There is a story told about a Jewish Holocaust survivor who was a prisoner at the Auschwitz death camp. Every day, this man thanks G-d; each day more loudly and exuberantly than the day before. Finally, the man’s fellow prisoners become annoyed with him: “How can you thank G-d,” they asked, ”when we are in this place? When the Nazis are daily murdering us and torturing us?” The man replies: “I am thanking G-d because He did not make me like the Nazis.”
To me, this story represents a quintessential aspect of being Jewish. Even in the face of the worst evil known to man, the Jew remains true to his values, to his morality, and to his faith.
Today we live in difficult, dangerous times. The threat of terrorism looms ever present. The most visible terrorists are Muslim extremists: Al Qaida, Hamas, Hezbollah, Al Shabaab. They threaten America and the West. They threaten Israel.
How, then, should American Jews–and specifically American Jewish lawyers–respond to Muslim immigrants and refugees coming to the United States? This is an issue I face every day, as I represent many Muslims who are seeking political asylum from countries like Afghanistan, Pakistan, Iraq, and Iran.
Some Jewish lawyers have taken to attacking Islam and Muslims in the United States. The most well-known example is probably David Yerushalmi, who is behind many state laws designed to protect our country from what he calls the infiltration of Sharia law. Other Jews who are not lawyers (yes, I suppose this is to their credit) are also prominent in the anti-Islam movement in the United States. Probably most well-known among them is Pam Geller, the blogger behind the “World Trade Center Mega Mosque” controversy.
I must admit that such people inspire in me strongly negative emotions. But in the spirit of the season (and my rabbi’s Yom Kippur sermon), I will try to say my piece without criticizing them. As the rabbi put it, I will try to tell my truth with love.
First, I believe my fellow Jews’ opposition to Islam and Muslims is not consistent with Jewish values. Our people have been on the receiving end of persecution for millennium. We should not subject others to persecution, or even the implied threat of persecution, based on stereotypes. Particularly since the Muslims who have come to the U.S. are often people who faced persecution or discrimination in their homelands (for this reason, they left). As Rabbi Hillel famously said, “What is hateful to you, do not do to others.”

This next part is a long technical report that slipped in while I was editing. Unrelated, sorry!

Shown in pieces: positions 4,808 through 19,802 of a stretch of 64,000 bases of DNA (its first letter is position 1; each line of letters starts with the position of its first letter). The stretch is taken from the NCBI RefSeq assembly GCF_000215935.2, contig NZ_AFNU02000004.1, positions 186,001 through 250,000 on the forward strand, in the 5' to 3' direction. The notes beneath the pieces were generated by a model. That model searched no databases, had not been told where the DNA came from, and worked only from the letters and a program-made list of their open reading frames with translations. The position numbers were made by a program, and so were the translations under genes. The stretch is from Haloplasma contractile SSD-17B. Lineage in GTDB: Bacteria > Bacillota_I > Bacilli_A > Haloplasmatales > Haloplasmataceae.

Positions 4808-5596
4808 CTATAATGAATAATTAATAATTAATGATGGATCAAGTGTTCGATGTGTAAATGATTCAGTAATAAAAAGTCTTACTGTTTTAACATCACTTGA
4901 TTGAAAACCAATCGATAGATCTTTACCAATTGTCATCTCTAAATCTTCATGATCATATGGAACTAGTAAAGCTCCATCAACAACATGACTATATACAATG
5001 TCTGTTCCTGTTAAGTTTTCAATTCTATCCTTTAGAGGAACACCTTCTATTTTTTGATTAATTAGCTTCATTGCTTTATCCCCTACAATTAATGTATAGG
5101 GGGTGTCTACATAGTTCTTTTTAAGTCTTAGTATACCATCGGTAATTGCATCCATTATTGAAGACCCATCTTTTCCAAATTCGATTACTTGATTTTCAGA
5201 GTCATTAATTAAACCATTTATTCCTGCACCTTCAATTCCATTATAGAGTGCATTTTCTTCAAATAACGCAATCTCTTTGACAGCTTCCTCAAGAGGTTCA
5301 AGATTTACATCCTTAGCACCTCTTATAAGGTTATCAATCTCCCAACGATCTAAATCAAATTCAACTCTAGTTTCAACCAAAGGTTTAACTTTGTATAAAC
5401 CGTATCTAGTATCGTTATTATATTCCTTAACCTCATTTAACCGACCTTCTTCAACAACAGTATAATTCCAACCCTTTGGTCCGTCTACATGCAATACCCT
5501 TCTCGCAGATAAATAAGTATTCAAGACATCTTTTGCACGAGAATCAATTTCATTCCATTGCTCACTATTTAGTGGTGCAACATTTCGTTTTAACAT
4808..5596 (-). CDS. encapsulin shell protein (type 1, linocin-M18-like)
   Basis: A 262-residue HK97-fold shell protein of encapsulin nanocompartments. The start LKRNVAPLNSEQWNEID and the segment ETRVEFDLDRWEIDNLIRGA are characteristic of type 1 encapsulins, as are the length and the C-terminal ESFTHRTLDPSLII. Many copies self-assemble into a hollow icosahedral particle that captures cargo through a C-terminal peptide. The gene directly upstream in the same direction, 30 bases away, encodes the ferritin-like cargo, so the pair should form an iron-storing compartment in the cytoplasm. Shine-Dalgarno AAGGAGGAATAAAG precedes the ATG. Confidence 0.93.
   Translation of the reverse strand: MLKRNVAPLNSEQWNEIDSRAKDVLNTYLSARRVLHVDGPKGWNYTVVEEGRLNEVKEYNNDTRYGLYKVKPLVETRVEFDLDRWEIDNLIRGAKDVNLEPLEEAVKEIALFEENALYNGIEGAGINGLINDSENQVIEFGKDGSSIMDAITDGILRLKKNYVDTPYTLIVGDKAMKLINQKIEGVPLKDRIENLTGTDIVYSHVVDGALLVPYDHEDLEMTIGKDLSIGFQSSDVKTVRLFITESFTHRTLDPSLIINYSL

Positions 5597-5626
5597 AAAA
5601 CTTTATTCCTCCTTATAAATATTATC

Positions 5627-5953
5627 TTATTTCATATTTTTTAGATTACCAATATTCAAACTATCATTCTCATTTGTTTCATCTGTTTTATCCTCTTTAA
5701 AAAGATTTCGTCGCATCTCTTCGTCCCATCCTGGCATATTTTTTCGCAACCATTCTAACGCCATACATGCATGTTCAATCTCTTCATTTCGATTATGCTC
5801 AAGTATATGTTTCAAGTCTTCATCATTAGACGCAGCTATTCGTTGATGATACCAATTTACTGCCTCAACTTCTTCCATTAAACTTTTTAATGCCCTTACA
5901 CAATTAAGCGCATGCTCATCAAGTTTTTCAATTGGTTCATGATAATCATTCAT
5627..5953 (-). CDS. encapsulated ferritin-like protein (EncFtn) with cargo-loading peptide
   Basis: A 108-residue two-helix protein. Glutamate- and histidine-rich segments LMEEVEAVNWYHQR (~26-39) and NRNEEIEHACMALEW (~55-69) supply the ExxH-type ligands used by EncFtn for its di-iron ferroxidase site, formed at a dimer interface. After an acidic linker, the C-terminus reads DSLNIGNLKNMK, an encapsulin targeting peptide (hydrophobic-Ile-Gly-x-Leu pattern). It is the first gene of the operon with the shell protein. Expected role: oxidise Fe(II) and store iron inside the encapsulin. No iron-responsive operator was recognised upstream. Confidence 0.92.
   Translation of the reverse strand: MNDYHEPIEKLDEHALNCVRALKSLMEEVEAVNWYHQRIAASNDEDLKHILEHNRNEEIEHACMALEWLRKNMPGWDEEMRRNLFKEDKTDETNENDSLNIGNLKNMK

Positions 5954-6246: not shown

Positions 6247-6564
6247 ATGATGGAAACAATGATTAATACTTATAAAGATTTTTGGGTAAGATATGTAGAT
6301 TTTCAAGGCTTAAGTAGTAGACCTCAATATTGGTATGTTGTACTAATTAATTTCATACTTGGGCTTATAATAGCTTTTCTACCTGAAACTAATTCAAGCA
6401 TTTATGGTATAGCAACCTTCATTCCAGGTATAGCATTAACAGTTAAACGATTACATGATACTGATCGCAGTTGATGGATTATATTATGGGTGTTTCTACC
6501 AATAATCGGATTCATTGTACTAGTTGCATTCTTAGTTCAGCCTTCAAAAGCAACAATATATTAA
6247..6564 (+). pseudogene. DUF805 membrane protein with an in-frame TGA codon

Second, I think such behavior is bad for the Jews and divisive for our community. Like it or not, most Jews are liberals. This stems from our religious teachings as well as our communal experience as a persecuted minority (for example, the Torah repeatedly reminds us to have one law for the alien and the native born, and not to mistreat the stranger, for we were strangers in Egypt). We tend to sympathize with other minorities. Hence, our disproportional representation in social justice movements. The strident attacks on Muslims (a small minority in the U.S.) and the implication that Jews who disagree with such attacks are “self hating,” naive or traitorous is alienating to many Jews, and will ultimately weaken our community.
Finally, the attack on Islam and Muslims is a bad strategy. Many Muslims look to the West and the United States as models for development. The Arab Spring shows that many Muslims–perhaps a large majority–dream of democratic reforms, freedom, and free economies. Closer to home, I represent many Muslims–journalists, human rights workers, advocates for women’s rights, people who worked with the U.S. military–who have risked their lives to help us in our fight against Islamic extremism. By attacking all Muslims, we potentially alienate such people and lose valuable allies in our war on terror.
Jews are an argumentative, stubborn people. There’s an old joke about a Jewish man who is stranded on a dessert island. When he is finally rescued after many years, his rescuers notice that he built two synagogues on the island. When they ask him why, he points to one synagogue: “This is the synagogue where I worship.” “And the other one?,” they ask. “That one,” says the man,” I wouldn’t set foot in.” In the new year, I hope we can be less divisive and more respectful of each other’s views. I hope we can look for the good in others, and give people the benefit of the doubt, even people who disagree with us, or who are different from us. L’Shana Tova.
Originally posted on the Asylumist: www.Asylumist.com.
Jason Dzubow's practice focuses on immigration law, asylum, and appellate litigation. Mr. Dzubow is admitted to practice law in the federal and state courts of Washington, DC and Maryland, the United States Courts of Appeals for the Third, Fourth, Eleventh, and DC Circuits, all Immigration Courts in the United States, and the Board of Immigration Appeals. He is a member of the American Immigration Lawyers Association (AILA) and the Capital Area Immigrant Rights (CAIR) Coalition. In June 2009, CAIR Coalition honored Mr. Dzubow for his Outstanding Commitment to Defending the Rights and Dignity of Detained Immigrants.